This week’s edition of Dymphna’s Greatest Hits is a follow-up to last week’s, which discussed Annie Jacobsen’s encounter with the Syrian trombonists. This one is a review of Ms. Jacobsen’s book.
It’s All for Show
Originally published on Sept. 27, 2005
Does the accumulation of four years without further terrorist attacks make you feel safer when you fly? It shouldn’t. The Bureaucratic Bunglers are out in full force and with them in charge you don’t have a prayer. Or rather, all you do have is prayer.
According to Annie Jacobsen, we’d better do our homework on this one because there is no one watching out for us. Back in April, Gates of Vienna posted on Ms. Jacobsen’s tenacity and her willingness to follow this story wherever it led. That post, “Silence of the Sheep,” proved that the author is a sheepdog indeed. Her interviews with other passengers, with government agencies, with the House Judiciary Committee, with airline personnel, and with individual people who bear the day-to-day hazard of working in this field, have made her case. The tale of her experiences is documented well in Terror in the Skies.
This is a top-down problem. The guys in harm’s way — the pilots and flight attendants — know the problems but they have no more power to address them than you do. Less than two percent of pilots are armed. Want to know why? Because in order to actually carry a firearm on board, the firearms training must be done on the pilot’s own time and it has to be done in a place far from home, squeezed into his holiday time or vacation.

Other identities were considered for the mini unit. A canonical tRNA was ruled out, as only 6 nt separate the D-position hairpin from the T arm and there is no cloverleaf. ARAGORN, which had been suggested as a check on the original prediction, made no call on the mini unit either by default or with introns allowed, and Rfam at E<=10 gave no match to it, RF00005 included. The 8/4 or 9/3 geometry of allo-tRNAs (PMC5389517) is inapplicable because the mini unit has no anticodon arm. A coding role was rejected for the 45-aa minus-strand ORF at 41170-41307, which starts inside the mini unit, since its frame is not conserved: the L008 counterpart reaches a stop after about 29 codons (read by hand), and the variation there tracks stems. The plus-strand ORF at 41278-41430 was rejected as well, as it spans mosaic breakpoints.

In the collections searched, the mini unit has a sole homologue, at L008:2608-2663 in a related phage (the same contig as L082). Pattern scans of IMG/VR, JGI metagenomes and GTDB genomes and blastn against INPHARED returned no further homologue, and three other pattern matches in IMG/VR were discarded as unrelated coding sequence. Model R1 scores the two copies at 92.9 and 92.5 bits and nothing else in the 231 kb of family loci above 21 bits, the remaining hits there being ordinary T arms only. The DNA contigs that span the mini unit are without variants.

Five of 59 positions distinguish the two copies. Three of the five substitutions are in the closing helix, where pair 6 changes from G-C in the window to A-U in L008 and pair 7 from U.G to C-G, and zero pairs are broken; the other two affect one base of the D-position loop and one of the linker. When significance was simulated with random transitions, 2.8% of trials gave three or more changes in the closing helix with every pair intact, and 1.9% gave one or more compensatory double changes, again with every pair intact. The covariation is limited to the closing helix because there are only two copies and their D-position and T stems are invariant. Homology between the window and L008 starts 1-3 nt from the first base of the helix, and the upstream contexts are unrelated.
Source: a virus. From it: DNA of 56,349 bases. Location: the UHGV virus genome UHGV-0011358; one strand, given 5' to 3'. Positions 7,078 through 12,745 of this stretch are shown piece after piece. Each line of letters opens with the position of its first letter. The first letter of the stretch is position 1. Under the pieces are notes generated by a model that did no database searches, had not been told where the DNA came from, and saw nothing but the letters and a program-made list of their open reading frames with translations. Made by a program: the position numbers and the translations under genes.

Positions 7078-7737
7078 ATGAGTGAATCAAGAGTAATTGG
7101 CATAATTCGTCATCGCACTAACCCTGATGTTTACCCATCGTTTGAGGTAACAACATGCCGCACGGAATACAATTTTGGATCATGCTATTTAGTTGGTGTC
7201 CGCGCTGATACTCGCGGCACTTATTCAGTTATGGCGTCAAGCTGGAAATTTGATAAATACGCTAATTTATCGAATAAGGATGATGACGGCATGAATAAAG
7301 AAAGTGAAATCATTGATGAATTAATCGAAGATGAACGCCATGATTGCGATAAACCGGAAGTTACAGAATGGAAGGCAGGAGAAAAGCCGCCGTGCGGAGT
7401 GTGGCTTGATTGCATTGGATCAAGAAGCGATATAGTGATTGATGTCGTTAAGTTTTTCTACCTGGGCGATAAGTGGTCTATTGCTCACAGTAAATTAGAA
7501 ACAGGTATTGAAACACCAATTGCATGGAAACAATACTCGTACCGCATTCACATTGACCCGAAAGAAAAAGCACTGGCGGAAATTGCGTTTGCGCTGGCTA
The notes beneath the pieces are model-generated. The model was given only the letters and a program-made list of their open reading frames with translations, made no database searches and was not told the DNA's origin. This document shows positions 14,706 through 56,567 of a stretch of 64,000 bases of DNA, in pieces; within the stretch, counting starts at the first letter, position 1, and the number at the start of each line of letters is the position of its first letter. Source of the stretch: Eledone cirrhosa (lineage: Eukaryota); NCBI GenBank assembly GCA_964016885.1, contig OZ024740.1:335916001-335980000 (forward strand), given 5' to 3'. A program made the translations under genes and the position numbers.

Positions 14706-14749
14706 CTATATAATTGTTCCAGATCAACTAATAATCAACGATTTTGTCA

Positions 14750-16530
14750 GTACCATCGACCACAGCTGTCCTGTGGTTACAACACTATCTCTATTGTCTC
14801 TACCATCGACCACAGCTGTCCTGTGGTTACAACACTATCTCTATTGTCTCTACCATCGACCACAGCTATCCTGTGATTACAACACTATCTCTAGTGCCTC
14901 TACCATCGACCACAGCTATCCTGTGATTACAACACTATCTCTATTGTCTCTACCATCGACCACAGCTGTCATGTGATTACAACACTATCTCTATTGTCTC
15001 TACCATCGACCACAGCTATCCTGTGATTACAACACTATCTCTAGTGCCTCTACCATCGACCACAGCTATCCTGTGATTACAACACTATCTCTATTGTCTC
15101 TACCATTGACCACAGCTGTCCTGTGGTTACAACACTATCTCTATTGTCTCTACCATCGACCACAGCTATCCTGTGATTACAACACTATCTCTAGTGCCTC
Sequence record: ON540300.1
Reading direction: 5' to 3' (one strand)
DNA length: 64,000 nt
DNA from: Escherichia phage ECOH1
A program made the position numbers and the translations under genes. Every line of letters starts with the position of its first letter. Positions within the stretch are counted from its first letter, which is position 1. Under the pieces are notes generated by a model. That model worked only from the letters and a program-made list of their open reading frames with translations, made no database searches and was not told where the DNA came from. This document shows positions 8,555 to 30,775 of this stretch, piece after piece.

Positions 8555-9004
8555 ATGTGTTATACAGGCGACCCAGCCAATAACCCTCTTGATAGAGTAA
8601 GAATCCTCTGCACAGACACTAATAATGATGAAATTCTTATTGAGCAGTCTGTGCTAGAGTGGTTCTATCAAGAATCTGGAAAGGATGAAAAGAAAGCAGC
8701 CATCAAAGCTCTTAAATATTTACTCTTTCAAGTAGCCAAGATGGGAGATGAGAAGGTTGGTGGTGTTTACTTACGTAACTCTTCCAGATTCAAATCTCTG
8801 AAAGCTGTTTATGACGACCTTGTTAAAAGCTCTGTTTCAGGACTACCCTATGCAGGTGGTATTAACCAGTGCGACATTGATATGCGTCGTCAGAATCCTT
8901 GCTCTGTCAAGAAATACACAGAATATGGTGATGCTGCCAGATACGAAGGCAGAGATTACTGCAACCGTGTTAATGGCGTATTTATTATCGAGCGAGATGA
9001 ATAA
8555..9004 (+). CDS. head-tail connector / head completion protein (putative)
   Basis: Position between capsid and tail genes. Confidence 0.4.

And flight attendants? Again, they have to arrange self-defense training on their own time, at their own expense and without the cooperation of the airlines themselves. Think of it this way: what if Brink’s hired drivers and gave them no training in handling attempted robberies? What if they expected their employees to get training — if any — on their own time and their own dime? How long do you think Brink’s would be in business?
That’s the situation we have in the friendly skies of America. When you add to that the cruel joke of the Federal Air Marshals, the lackadaisical behavior of Immigration and Customs Enforcement, and the farce we all know as the Department of Homeland Insecurity, it’s enough to make you want to stay home and do your business by long-distance and email.
Let’s take just one: FAMS. This is bureaucratese for the Federal Air Marshal program. You know the old joke that goes “you’re ugly and your mother dresses you funny”? Well, for this program, the first part may or may not be the case, but for the second premise — being dressed funny — you can count on FAMS. Due to the boneheaded policies of those in charge, Federal Air Marshals are required to wear sport coats and collared shirts. Yes, that’s right: they must look like Federal Air Marshals at all times because they are a reflection of FAMS and dressing in a slovenly disguise would somehow bring disgrace to the organization. Comments about being a lovely corpse would be appropriate here.
Then there’s what they do after they’re up and dressed. Remember, they’re carrying guns, right? So obviously they can’t go through security. However, there’s a second obvious thing they can do — they can fight the current and walk through the exit lanes for deplaning passengers. How’s that for subterfuge?